OT: i hate to travel. Odd?

User Forum Topic
Submitted by Coronita on July 19, 2016 - 5:59am

I sometimes feel I'm like the only one in the world that doesn't get all giggly to travel.

I mean, I don't mind going somewhere out of the country. But unless it was for the benefit of the family to broaden their experience and enjoyment, I wouldn't really care about going to Europe, Asia, or anywhere else for that matter out of the U.S.. It doesn't tickle me fancy.

Maybe the german autobahn, maybe Switzerland in the winter for some skiing, but how's that different from say Jackson Hole or Whistler? I do hope space travel will be affordable in my lifetime, but I'm still waiting for that.

This came up at a lunchtime conversation in which I was asked, if I could go anywhere in the world, where would I want to go visit? I was dead silent for a few minutes and had to make up something....

Anyway, I've come to the conclusion that I'm boring. And that it's probably a good thing that I'm not retired, because I would be bored out of my mind.

Submitted by The-Shoveler on July 19, 2016 - 6:29am.

I am Boring too LOL.

I did have the travel bug when I was younger (and I did do quite a bit of traveling mostly for Biz), but now days I don't have the urge.

My Wife may force me to travel though so it looks like I am going regardless LOL.

Me I think I could be happy spending retirement just walking on OC and SD beaches a few times a week.

Submitted by scaredyclassic on July 19, 2016 - 6:47am.

i start to disintegrate outside of a 60 mile radius. i also vastly prefer vanilla ice cream. i thrive on regular routine. i detest travelling or visiting new places unless i can get home the same day. willing to hike or bike new trails.

Submitted by moneymaker on July 19, 2016 - 7:23am.

Think traveling is really like a bug in that once you start doing it you broaden your perspective and begin to think a little differently. Though always good to return home I find myself thinking about going somewhere else again right after getting home. Not having traveled in a while now it is out of my system and am happy to stay home.

Submitted by no_such_reality on July 19, 2016 - 9:47am.

I'm bipolar on travel.

I love being new places.

Hate the experience of getting there.

With a elementary age child, the airports are akin to a root canal. SNA airport still literally is bribing passengers off almost any flight. LAX is LAX.

The Train is a pipe dream making air travel look cheap, not to mention timely. Not really interested in going to the grand canyon and having to disembark at 4AM.

Which leaves the car... and California seems to be the land of perpetual traffic jam anywhere were the population exceeds 12.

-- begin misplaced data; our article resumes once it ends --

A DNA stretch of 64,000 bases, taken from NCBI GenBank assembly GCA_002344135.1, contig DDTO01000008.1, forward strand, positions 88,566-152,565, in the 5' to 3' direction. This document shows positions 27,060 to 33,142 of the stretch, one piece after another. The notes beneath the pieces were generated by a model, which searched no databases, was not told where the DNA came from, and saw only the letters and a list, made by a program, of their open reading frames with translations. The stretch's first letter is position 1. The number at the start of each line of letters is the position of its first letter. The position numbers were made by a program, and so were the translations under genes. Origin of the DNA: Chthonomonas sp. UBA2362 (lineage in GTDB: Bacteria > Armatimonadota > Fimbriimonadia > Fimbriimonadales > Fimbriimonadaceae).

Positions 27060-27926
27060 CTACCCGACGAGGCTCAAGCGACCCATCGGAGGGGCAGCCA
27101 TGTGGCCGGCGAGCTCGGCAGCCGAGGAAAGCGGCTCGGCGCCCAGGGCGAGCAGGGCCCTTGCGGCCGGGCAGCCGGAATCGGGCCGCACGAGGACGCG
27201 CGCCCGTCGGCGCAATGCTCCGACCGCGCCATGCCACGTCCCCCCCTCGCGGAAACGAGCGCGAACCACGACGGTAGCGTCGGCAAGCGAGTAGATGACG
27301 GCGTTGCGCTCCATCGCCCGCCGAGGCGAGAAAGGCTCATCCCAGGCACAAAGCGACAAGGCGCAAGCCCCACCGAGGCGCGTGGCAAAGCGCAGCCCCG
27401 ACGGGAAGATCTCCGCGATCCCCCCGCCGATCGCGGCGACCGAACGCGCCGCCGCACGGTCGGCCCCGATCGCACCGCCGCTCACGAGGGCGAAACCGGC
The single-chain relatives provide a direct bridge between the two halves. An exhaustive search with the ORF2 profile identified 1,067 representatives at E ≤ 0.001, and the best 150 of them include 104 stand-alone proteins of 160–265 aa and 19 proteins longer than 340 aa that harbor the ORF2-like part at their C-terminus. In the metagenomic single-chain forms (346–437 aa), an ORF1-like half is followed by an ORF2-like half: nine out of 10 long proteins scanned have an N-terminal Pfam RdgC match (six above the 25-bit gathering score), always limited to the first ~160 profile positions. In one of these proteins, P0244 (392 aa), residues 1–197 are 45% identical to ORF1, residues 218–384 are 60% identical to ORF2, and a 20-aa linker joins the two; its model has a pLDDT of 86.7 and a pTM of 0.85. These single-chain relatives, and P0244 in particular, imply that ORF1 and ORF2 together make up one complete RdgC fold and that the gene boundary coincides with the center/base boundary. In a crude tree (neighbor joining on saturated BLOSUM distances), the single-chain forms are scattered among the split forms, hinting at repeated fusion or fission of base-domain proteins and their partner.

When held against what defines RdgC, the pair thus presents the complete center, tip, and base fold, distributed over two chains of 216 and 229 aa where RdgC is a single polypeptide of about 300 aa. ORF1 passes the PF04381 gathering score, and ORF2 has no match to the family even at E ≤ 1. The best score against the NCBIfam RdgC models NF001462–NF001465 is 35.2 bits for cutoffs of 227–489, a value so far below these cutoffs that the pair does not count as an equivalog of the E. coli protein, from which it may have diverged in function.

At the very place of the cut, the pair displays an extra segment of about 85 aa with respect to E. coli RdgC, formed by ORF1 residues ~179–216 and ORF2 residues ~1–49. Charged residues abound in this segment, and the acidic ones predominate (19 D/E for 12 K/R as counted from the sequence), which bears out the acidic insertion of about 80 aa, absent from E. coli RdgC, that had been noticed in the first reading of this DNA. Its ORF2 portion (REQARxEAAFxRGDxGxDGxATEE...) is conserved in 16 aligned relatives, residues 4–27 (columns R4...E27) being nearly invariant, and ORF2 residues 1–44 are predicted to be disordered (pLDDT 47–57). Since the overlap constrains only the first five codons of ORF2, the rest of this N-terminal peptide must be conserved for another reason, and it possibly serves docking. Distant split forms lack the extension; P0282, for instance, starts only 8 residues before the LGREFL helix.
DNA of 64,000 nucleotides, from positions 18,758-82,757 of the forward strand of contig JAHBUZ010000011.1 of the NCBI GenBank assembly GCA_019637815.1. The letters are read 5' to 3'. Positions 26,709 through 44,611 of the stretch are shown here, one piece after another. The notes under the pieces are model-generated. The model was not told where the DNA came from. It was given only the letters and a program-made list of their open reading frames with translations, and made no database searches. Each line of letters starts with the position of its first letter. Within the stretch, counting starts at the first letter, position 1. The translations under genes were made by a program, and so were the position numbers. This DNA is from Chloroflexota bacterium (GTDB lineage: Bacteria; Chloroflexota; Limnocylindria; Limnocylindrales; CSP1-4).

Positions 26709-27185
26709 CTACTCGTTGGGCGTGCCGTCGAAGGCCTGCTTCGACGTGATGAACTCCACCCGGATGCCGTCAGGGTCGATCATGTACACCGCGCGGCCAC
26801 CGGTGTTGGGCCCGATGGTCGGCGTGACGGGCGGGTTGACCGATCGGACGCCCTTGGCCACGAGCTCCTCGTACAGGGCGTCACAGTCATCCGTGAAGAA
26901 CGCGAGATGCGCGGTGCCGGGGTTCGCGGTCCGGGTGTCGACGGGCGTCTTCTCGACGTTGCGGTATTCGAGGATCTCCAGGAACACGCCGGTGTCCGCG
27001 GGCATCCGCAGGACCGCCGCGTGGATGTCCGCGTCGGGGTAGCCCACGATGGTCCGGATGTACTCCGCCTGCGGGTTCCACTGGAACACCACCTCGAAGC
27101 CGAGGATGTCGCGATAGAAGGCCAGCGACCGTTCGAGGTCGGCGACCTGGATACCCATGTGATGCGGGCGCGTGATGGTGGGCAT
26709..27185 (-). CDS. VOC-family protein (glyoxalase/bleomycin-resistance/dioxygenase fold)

Next up a ship.

Submitted by FlyerInHi on July 19, 2016 - 11:45am.

I love to travel, but no more standard touristy stuff for me.
I don't have time now, but in the future I will travel and stay for weeks at a time in Airbnb rental.

Submitted by spdrun on July 19, 2016 - 2:54pm.

Aren't they supposed to re-open CLD airport to commercial flights? Yeah, SNA has problems -- runway is very short, no space for expansion. So aircraft have to take off light in hot or windy weather. Meaning either a lower pax load, or a lower fuel load and a stop in ONT to refuel.

Submitted by flyer on July 19, 2016 - 2:59pm.

Loved traveling all over when we were younger, but now we most enjoy staying for extended periods of time with friends and family when we travel.

Like many of you, we really enjoy our home and lifestyle in CA, and probably prefer that overall.

Submitted by XBoxBoy on July 19, 2016 - 4:04pm.

Traveling is highly overrated. You have to schlep a bunch of stuff, sit for extended time in a large tin can, and deal with surly airport staff. Alternatively, you can have a wonderful day in San Diego, enjoy the comforts of your own home and end the day in your own bed. Why do I want to go somewhere else and sleep in a bed where who know who has done who knows what?

Submitted by spdrun on July 19, 2016 - 4:14pm.

dupe delete

Submitted by spdrun on July 19, 2016 - 4:13pm.

Other than when traveling for business with tools/equipment, I haven't checked a bag in years. Unless I'm going to the Klondike, there will probably be a way to do laundry once a week or so.

Submitted by carlsbadworker on July 19, 2016 - 5:04pm.

flu wrote:
Maybe the german autobahn, maybe Switzerland in the winter for some skiing, but how's that different from say Jackson Hole or Whistler?

It's the culture part. How people live differently around the world and taste different kinds of food. (Ethnic food in US is always Americanized)

flu wrote:
And that it's probably a good thing that I'm not retired, because I would be bored out of my mind.

I agree here. I couldn't imagine retirement. What is that I want to do years from now that is so important that I shouldn't do it today?

Submitted by spdrun on July 19, 2016 - 5:07pm.

(Ethnic food in US is always Americanized)

Not always. But you have to go to an area that's populated by recent immigrants from $country to get the good stuff.

Submitted by scaredyclassic on July 19, 2016 - 6:42pm.

"alan bennett describes in one of his journals how, during a visit to egypt, he found himself trapped among cohorts of tourists trudging wearily though dusty wastes of sand and rocks under a merciless sun: the famous,site he had come to admire looked merely like a,stone quarry full of sweaty crowds. he wondered if tourism was not like pornography: a desperate search for lost sensations. the fact is, the only impressions that truly register on our sensibilities are accidental--we did not seek them out (let alone book an organised tour!"